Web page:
The table, conceived in the George II antique French manner, has a vase-swelled baluster in the manner of table patterns issued in the architect James Gibbs's Book of Architecture, 1728 (see T.A. Strange, English Furniture and Decoration, London, 1950, p. 48). Its octagon-compartment top is wreathed by a flowered ribbon band of iridescent shell (mother-of-pearl) flower-heads and foliated sprays in the 'Indian' manner. These are enclosed in golden brass inlay, whose fretted bands tie trefoiled sprays of engraved Roman foliage in the spandrels, while the elegantly serpentined legs and pad feet are similarly inlaid with 'Venus' shells emerging from husk-enriched Roman foliage.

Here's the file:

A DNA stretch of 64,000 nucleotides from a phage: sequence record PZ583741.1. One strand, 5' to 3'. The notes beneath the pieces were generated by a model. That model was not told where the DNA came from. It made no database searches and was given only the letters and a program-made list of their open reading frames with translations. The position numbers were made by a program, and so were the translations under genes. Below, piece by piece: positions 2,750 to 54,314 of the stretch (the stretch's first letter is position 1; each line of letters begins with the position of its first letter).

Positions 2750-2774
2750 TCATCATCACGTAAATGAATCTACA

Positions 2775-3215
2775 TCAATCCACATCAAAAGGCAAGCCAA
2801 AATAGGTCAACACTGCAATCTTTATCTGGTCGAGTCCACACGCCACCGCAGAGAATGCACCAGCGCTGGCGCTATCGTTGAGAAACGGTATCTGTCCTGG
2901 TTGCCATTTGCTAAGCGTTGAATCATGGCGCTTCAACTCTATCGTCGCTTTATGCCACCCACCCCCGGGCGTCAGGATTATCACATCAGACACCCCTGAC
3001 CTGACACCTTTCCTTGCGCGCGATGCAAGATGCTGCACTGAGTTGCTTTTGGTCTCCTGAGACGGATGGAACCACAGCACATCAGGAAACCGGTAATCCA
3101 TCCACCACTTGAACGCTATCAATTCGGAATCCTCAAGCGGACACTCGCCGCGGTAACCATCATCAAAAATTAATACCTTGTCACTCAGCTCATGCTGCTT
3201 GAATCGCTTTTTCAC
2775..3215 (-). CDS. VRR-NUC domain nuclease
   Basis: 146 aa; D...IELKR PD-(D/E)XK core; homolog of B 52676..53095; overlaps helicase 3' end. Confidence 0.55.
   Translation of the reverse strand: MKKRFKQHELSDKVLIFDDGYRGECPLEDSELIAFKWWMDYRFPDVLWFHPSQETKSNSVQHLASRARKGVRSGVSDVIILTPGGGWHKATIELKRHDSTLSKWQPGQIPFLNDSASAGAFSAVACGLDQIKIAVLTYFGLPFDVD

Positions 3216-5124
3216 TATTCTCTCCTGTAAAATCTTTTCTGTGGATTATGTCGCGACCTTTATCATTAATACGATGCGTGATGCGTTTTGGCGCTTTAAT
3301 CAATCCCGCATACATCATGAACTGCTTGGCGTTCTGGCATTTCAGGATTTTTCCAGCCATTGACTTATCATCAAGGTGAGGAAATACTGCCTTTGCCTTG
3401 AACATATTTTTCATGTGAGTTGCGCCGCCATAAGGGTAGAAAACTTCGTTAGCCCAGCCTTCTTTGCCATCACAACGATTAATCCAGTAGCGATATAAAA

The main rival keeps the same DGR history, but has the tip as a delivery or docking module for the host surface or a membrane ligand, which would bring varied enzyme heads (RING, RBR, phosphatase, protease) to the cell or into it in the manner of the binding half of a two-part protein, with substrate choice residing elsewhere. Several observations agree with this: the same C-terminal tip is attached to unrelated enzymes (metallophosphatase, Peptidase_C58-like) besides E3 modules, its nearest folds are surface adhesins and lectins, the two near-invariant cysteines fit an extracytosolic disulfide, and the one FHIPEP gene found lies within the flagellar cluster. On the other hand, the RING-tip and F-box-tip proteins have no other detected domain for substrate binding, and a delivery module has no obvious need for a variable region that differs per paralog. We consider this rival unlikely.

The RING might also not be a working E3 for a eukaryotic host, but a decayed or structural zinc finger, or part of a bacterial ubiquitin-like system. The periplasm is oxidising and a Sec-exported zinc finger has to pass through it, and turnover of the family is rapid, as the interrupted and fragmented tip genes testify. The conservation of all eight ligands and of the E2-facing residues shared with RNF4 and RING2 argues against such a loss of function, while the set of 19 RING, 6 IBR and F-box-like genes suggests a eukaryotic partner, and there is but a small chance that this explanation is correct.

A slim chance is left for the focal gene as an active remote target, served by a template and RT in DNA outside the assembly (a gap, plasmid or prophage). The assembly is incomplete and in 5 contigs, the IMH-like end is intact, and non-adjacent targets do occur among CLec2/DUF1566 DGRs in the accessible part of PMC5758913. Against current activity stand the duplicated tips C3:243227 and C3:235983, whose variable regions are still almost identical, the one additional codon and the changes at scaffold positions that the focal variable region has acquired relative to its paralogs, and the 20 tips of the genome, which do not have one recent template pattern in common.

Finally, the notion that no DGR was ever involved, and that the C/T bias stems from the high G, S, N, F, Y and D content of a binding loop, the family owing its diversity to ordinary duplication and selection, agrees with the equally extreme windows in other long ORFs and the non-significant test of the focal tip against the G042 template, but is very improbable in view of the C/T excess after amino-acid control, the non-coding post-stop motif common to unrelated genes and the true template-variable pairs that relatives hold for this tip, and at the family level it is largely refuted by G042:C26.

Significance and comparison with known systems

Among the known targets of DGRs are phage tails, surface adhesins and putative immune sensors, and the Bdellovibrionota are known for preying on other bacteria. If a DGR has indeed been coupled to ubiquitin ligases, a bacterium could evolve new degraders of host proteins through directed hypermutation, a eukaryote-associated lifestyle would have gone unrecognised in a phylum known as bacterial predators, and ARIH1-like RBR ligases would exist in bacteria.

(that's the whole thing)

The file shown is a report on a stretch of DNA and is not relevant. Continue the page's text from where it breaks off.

Such 'boulle-inlaid' furniture formed part of the fashionable tea quipage of the period, and relates to the inlaid 'sarcophagus' tea-chest illustrated in the 1740s trade-card of Messrs. Landall and Gordon of Little Argyle Street (Gilbert and Murdoch, John Channon and brass-inlaid furniture, London, 1993, fig. 12). Related decoration features on a scalloped tea-table bearing the Royal crown, which together with another similar table, has been attributed to the Moravian cabinet-maker and embellisher of musical instruments Frederick Hintz (d. 1776). Hintz, trading at 'The Porcupine', Newport Street advertised in 1738, the sale of mahogany 'tea tables, tea chests, tea-boards etc. all curiously [finely wrought] made and inlaid with fine figures of Brass and mother-of-pearl' (ibid., fig. 149, pl. XXIV and The Dictionary of English Furniture Makers 1660-1840, Leeds, 1986, p. 434).